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LESSONS: GRADES K-3  ›  First Kids
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Resources: ACTIVITIES [PDF]  |  LESSON [PDF]  |  Corresponding Teacher's Text


First Kids




Would you like to live in the White House? You would live in the White House if your father or mother became president of the United States. The president’s family is called the "first family." Some people call the president’s children "first kids." What if you were a first kid and the White House was your house? Where would you play? Where would you eat and do your homework? Your parents would be the most famous people in America and you would be one of the most famous kids in America. Everyone would want to know about the food you like to eat, the books you like to read, and your favorite television shows.

Kids have lived in the White House many times over the years. Let’s read about some of them.



Tad Lincoln

Tad Lincoln was seven years old when his father, Abraham Lincoln, became president.

Tad lived in the White House during the Civil War. He liked to play war games. He had an army uniform made to fit him. Soldiers protected the White House during the Civil War. Tad liked to talk to them and ask them what it was like to fight in a war.


Quentin Roosevelt

Quentin Roosevelt lived in the White House from 1901 to 1909. He had a big family. He had two sisters and three brothers. His father was President Theodore Roosevelt. Quentin was almost four years old when he moved into the White House. He and his brothers and sisters loved pets. They had cats, dogs, snakes, and raccoons. They had a macaw named "Eli Yale." Quentin had a pony called "Algonquin." One day, Quentin’s brother, Archie, was sick. Quentin wanted to make Archie feel better. He took Algonquin into the White House elevator. Up went Quentin and Algonquin! Quentin pulled the pony into Archie’s bedroom! It made Archie smile. Do you think his parents smiled? We don’t know for sure but President Theodore Roosevelt did say, "I don’t think that any family has ever enjoyed the White House more than we have."


Image: Thomas (Tad) Lincoln.  Library of Congress

Thomas (Tad) Lincoln.
Library of Congress
Image: Quentin and his pony, Algonquin.  Library of Congress

Quentin and his pony, Algonquin.
Library of Congress
Image: Theodore Roosevelt, Jr. and his macaw.  Library of Congress

Theodore Roosevelt, Jr. and his
macaw. Library of Congress


Caroline and John Kennedy, Jr.


Image: Caroline and John play in the Oval Office. John F. Kennedy Library
Caroline and John play in the Oval Office. John F. Kennedy Library

When President and Mrs. John F. Kennedy moved into the White House in 1961, they had two small children. Caroline was almost four years old and John, Jr. was a baby. They were the youngest children to live in the White House since Quentin Roosevelt.

Caroline went to First grade in the White House. Her mother made a classroom on the third floor of the house. Ten of Caroline’s friends went to school with her. No school bus came to the White House. Parents drove their kids to the White House in their cars.

John, Jr. played under his father’s desk. There was a secret door in the desk. When President Kennedy had to work in the Oval Office, John, Jr. had to leave.

But sometimes the kids could play in the Oval Office. Here they are dressed up for Halloween.


Image: Caroline Kennedy in the White House  classroom. John F. Kennedy Library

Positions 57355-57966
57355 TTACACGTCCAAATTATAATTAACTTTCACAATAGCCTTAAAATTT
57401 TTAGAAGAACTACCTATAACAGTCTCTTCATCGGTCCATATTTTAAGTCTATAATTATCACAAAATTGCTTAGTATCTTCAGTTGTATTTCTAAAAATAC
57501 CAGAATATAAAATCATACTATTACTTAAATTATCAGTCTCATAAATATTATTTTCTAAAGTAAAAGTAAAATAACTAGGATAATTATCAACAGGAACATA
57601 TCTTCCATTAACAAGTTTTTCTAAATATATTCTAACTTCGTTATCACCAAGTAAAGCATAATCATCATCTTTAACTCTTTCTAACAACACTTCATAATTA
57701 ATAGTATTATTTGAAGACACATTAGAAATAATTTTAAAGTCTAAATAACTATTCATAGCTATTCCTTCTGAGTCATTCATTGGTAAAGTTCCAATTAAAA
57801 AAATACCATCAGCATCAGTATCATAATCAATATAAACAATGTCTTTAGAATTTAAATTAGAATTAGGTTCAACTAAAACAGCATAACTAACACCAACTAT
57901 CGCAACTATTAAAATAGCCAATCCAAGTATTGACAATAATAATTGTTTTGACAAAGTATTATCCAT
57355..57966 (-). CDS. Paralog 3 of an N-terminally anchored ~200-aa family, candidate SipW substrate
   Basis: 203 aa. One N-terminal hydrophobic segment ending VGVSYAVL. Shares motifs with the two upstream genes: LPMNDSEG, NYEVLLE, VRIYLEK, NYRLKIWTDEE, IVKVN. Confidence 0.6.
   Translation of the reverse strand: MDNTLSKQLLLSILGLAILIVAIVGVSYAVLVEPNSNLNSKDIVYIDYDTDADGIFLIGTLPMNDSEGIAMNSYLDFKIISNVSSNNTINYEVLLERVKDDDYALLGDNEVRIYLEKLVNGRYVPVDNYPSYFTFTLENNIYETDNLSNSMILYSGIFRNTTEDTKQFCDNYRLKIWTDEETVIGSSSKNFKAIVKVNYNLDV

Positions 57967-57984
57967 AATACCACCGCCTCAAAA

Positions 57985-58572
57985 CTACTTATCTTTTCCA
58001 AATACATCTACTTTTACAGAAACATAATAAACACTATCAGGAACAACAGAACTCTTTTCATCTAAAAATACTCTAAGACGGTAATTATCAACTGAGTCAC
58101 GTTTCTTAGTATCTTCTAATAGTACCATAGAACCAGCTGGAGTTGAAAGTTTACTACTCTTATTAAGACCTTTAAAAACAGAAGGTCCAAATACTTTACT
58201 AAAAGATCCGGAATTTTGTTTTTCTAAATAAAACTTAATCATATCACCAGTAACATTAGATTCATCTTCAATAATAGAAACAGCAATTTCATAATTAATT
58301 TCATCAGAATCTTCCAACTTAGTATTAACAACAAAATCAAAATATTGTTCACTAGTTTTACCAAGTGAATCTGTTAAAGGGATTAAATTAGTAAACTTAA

Caroline Kennedy in the White House
classroom. John F. Kennedy Library
Image: John Jr. plays under his dad's desk.  John F. Kennedy Library

John Jr. plays under his dad's desk.
John F. Kennedy Library
Image: John F. Kennedy Library

John F. Kennedy Library


Amy Carter

Amy Carter was in third grade when she came to live in the White House. She went to a school in Washington, D.C. She had two older brothers who lived in the White House with their wives. Amy missed her home. She lived in Georgia before her father, Jimmy Carter, was president. But Amy met many important people who came to the White House from around the world. She also had a tree house built for her. There are many trees in the back yard of the White House. Amy could go to her tree house when she wanted to be alone.


Image: Amy reads a book during dinner with her family.  Jimmy Carter Library

Amy reads a book during dinner with her family.
Jimmy Carter Library
Image: Amy's treehouse. Jimmy Carter Library

Amy's treehouse. Jimmy Carter Library


White House Pets

Tad Lincoln, Quentin Roosevelt, the Kennedy kids, and Amy Carter all had pets at the White House. Many first kids and their parents have owned pets. Pets made the White House seem like a home. Let’s meet some of them.




Image: The Bush's dog Barney.

George W. Bush's dog Barney.
Image: Fala. Franklin D. Roosevelt Library

Fala. Franklin D. Roosevelt Library
Image: Florence Harding and Laddy Boy.  Library of Congress

Florence Harding and Laddy Boy.
Library of Congress

Image: President Clinton and Buddy.  The White House

President Clinton and Buddy.
The White House
Image: Amy Carter with Grits. Jimmy Carter  Library

Amy Carter with Grits. Jimmy Carter
Library
Image: Millie and her puppies. George  H. W. Bush Library

Millie and her puppies. George
H. W. Bush Library

Image: Susan Ford and her cat Shan.  Gerald R. Ford Library

Susan Ford and her cat Shan.
Gerald R. Ford Library
Image: The Reagans' dog, Rex. The Reagan  Library

The Reagans' dog, Rex. The Reagan
Library
Image: The Obamas' dog, Bo. Pete Souza,  White House Photo

The Obamas' dog, Bo. White House
Photo


Resources: ACTIVITIES [PDF]  |  LESSON [PDF]  |  Corresponding Teacher's Text



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